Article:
Insolvency Epidemic

The Sunday NYT observes the inverse correlation between hot real estate markets and bankruptcy filings.

"A NEW bankruptcy law takes effect this month in the midst of an insolvency epidemic: personal bankruptcies have been rising steadily since 2000, and will most likely reach an all-time high this year. The law, which will make it harder for many people to clear away credit card debt, takes effect on Oct. 17 and has touched off a rush to the courts. In the bankruptcy court for the northern district of Texas, for example, filings for September were 46 percent greater than in September 2004.

Yet the rise in bankruptcies since 2000 has been far from uniform around the country. While there have been large increases in much of the South and Midwest, sections of the East and West Coast have had declines in filings over the last five years. To some extent, the increases in the South and Midwest reflect job losses from manufacturing and agriculture.

Economists say that as housing markets begin to cool, bankruptcies are likely to increase. "At some point you will get a combination of falling values combined with rising payments on adjustable mortgages, which will result in more bankruptcy," said Mark Zandi of the research firm Economy.com. "For these areas of the country that are enjoying such wonderful conditions right now, it will become much less wonderful a few years down the road."

It certainly makes sense that a strong real estate market — along with dropping interest rates — allows equity extraction via cash out refinancings. That may be keeping even more people from filing for bankruptcy.

Of course, its a double edged-sword:  as rates tick up, and as prices begin to cool, this source of easy money goes away.

Now here’s something curious: The Map from the NYT shows the various increases in bankruptcy rates on a county by county basis. The results were not exactly what I would have suspected, given how various counties voted in the last Presidential election:

Changes in Bankruptcy Rates by County, 2000 to 2005
click for larger map

Nyt_bankrupt_map

graphic courtesy of the NYT

Is it just me, or are is the map above surprisingly similar to those red/blue maps we saw so much of right after the election? 

The really curious thing is that the Gore voters from 2000 are filing for less bankruptcies since 2000, while the Bush voters are filing for more. (Does that m,ake any sense to you?)

Here’s the 2000 county Presidential voting map:   

2000_vote_county_by_county_1

Looks surprisingly like the first one; I never would have guessed that.

See also the population density maps of the same (here and here) for more of the same.

<spacer>


Source:

Where Home Prices Rise Steeply, Bankruptcies Fall
FORD FESSENDEN
NYT, October 9, 2005
http://www.nytimes.com/2005/10/09/weekinreview/09fess.html   

Category: Economy, Real Estate

Weekend Linkfest

Category: Economy, Weblogs

Manchurian Candidate?

Category: Politics

Three Questions

Category: Investing, Psychology

Get A Clue WSJ Op/Ed

Category: Financial Press

On Greenspan’s Successor

Category: Economy, Markets, Politics

TiVo to be bought by . . .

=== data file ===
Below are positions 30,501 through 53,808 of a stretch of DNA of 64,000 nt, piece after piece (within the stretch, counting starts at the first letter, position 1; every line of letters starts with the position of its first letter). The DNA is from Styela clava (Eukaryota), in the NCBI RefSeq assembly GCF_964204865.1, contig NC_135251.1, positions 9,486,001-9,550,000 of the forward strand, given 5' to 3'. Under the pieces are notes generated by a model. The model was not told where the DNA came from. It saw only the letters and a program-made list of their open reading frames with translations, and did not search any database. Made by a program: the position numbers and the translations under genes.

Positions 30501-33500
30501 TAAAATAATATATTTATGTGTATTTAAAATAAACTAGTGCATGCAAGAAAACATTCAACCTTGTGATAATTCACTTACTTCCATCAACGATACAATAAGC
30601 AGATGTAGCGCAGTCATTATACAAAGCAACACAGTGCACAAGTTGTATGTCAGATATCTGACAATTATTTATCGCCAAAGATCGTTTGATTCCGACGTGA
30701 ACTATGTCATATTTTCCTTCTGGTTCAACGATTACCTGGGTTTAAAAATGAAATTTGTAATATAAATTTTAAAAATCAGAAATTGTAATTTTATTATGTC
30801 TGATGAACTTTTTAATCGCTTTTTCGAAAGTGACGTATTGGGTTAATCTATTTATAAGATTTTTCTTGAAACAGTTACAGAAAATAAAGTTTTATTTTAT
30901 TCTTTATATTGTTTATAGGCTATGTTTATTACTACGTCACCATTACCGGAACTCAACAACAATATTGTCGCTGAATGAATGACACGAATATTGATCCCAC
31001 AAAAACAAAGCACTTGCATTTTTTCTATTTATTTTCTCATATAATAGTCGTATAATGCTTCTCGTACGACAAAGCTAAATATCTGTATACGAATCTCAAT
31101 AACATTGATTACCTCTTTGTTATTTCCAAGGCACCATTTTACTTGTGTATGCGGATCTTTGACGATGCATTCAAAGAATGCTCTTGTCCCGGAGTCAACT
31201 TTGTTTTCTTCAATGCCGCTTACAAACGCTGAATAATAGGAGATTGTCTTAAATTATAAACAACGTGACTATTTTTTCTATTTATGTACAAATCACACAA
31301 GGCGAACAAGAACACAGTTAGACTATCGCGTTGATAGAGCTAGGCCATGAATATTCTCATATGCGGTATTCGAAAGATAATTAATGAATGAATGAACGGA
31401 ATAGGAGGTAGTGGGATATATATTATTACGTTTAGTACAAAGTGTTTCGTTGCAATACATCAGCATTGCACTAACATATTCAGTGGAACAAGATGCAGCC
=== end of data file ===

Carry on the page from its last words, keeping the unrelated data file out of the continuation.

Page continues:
Category: Film, Finance, Television

Keeping Tabs on the Market

Category: Investing, Markets, Technical Analysis

For a Nickel I Will

Category: Finance

Economists React to NFP

October 7, 2005 10:58 a.m.

The WSJ notes that "the U.S. economy lost jobs in September for the first time in over two years as economic convulsions from Hurricane Katrina damped the job market. The Labor Department said Friday that nonfarm payrolls declined by 35,000 jobs last month. That marked the first decline since May 2003, when the labor market was struggling to get back on its feet after being set back by the 2001 recession. The drop was the largest since a decline of 54,000 jobs in April 2003.

Meanwhile, the unemployment rate rose to 5.1%. Does the September employment report present an accurate picture of the labor market after Katrina? What does it mean for the economy going forward? Economists weigh in."

* * *

These were the two most interesting comments, in my opinion:

We doubt that this report has captured all the job losses caused by this storm and none of those that may have been triggered by Hurricane Rita. (For instance, the city of New Orleans last week announced that its loss of revenues was forcing it to cut workers this month.) Thus, next month’s report could reveal additional storm-related job losses. When re-hiring resumes, monthly job gains will tend to generate above-trend growth in employment. It is going to be especially difficult for at least the next two to three months to gauge the underlying national trends in the job market.
(emphasis added)

– David Resler and Gerald Zukowski, Nomura Securities International

We can’t ignore the pain in the Gulf Coast, but we shouldn’t ignore either that for the rest of the country the economy looks to be in good shape. The Fed is more concerned about rising inflation than weakening growth and this report should strengthen that case. With today’s report, I see no reason to expect the Fed to slow its measured pace, but they won’t see any need to go for a half-point bump either. Stripping out energy prices, almost all of the underlying inflation numbers are benign. Wall Street may not like today’s report, but Main Street should like it just fine. 
(emphasis added, absurdity in the original)

– Bill Cheney, John Hancock Financial Services

There’s more after the jump . . .

<spacer>



Source:

Economists React
October 7, 2005 10:58 a.m.
http://online.wsj.com/article/SB112869228229162786.html
<spacer>

Read More

Category: Economy